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Your Domain Registrar May Affect Your Web Site’s Reputation

Patent application describes system that validates web sites based on reputation of domain name registrar.

A patent application (pdf) filed in 2008 and published on December 31, 2009 describes a system where a web site’s reputation is affected, in part, by the reputation of the domain name registrar where the domain is registered:

Reputations of domain registrars are calculated based on the hosting of risky domains. The more undesirable domains a registrar hosts, the lower is its reputation. The risk level of the hosted domains is also a factor in determining the reputation. When a user attempts to access a hosted domain, the calculated reputation of the hosting domain registrar is used in determining what security steps to apply to the access attempt. The worse the reputation of the hosting registrar, the more security is applied, all else being equal.

Although it may seem like just an interesting idea, it could actually have a large impact. That’s because, even though the patent isn’t directly assigned to a company, both of the listed inventors worked for computer security firm Symantec at the time the patent was filed. Symantec is maker of Norton, a popular internet security suite. Included with Norton is a search engine security plug-in that indicates if a site is safe to browse:

Norton Safe Search

If Symantec hasn’t already, it could consider the reputation of a domain name registrar when flagging a site as safe or unsafe. That would certainly force a number of domain name registrars to clean up their act.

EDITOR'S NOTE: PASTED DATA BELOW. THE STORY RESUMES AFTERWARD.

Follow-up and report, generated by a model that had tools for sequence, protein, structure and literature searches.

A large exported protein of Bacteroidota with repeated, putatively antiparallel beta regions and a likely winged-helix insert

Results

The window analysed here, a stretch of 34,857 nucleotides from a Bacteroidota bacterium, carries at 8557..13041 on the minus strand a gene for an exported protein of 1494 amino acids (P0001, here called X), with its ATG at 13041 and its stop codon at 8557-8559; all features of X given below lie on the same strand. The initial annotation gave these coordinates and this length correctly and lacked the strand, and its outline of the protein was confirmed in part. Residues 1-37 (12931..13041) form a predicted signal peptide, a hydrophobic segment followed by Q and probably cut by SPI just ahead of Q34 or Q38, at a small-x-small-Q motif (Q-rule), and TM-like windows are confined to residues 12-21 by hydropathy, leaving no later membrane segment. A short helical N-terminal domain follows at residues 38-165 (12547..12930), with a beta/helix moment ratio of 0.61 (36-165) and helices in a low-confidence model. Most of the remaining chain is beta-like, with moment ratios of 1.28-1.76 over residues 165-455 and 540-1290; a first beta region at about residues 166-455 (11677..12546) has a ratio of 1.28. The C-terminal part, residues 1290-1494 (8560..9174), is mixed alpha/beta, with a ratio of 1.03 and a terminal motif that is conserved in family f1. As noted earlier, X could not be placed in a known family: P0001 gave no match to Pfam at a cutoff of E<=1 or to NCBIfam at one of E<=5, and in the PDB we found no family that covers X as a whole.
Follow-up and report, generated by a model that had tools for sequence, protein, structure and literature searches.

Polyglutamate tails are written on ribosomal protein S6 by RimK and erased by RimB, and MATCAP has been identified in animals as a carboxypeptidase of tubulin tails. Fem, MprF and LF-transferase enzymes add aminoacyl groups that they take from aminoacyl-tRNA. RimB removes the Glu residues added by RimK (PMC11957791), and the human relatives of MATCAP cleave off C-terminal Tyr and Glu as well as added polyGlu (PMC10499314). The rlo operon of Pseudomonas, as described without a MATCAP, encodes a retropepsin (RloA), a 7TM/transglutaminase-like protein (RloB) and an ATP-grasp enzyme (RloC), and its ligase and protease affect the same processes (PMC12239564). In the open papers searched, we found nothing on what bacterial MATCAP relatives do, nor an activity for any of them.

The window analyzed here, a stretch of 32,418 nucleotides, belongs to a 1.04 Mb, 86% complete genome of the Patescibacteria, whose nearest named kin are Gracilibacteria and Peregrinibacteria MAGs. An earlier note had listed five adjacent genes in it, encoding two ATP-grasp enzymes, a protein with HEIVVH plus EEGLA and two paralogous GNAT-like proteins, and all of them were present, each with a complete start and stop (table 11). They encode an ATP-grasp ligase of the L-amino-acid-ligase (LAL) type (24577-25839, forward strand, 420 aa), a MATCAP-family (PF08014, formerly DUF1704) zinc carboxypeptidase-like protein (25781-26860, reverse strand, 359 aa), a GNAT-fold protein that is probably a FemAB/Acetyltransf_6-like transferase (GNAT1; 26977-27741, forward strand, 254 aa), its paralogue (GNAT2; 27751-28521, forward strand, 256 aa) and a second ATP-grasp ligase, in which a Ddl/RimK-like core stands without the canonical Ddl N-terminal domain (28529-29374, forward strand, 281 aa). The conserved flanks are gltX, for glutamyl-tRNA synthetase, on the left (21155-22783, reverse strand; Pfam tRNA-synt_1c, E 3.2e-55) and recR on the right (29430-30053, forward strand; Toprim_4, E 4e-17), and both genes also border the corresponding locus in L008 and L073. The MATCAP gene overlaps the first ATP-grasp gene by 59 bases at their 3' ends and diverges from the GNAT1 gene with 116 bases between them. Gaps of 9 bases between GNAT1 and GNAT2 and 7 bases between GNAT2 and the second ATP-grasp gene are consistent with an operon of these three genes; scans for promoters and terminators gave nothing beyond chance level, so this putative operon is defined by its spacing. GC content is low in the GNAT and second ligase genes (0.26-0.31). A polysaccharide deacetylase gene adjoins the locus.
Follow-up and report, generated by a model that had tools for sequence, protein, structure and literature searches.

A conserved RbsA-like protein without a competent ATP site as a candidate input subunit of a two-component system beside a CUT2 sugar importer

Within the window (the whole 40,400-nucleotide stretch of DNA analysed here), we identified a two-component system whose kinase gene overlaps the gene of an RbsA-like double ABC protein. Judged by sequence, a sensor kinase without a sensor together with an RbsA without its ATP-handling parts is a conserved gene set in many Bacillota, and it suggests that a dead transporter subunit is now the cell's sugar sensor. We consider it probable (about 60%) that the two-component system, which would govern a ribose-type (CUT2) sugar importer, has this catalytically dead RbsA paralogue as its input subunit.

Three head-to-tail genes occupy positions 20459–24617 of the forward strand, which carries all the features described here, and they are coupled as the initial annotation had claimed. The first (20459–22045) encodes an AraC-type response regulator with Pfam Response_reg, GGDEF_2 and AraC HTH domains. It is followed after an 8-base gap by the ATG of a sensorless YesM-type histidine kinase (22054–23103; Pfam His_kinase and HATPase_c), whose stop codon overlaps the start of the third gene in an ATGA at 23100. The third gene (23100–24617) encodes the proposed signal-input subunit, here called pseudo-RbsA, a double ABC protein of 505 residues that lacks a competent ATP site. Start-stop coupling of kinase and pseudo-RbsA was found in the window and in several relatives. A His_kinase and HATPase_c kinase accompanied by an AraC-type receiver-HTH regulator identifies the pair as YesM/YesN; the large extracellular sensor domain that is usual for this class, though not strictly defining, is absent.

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  1. Ace

    If I’m reading the patent correctly, a score is assigned to a registrar which is a function of number of bad domains it has in its repository. This has potential to backfire. If a registrar has few good domains with very very good sites, but many with with sites bordering okay and bad. I wonder how do they grade a domain as bad or good.

  2. Michele

    Interesting, but if it’s tied to “hosting” and not the actual IANA ID it could be a lot more serious than might appear at first glance

  3. Kevin Ohashi

    I think Google has probably been doing this for ages. It doesn’t surprise me that security companies would do this. Generally, you get clusters of bad stuff (people willing to look the other way or just don’t notice) so it makes perfect sense to help analyze security threats. Birds of a feather and all that…

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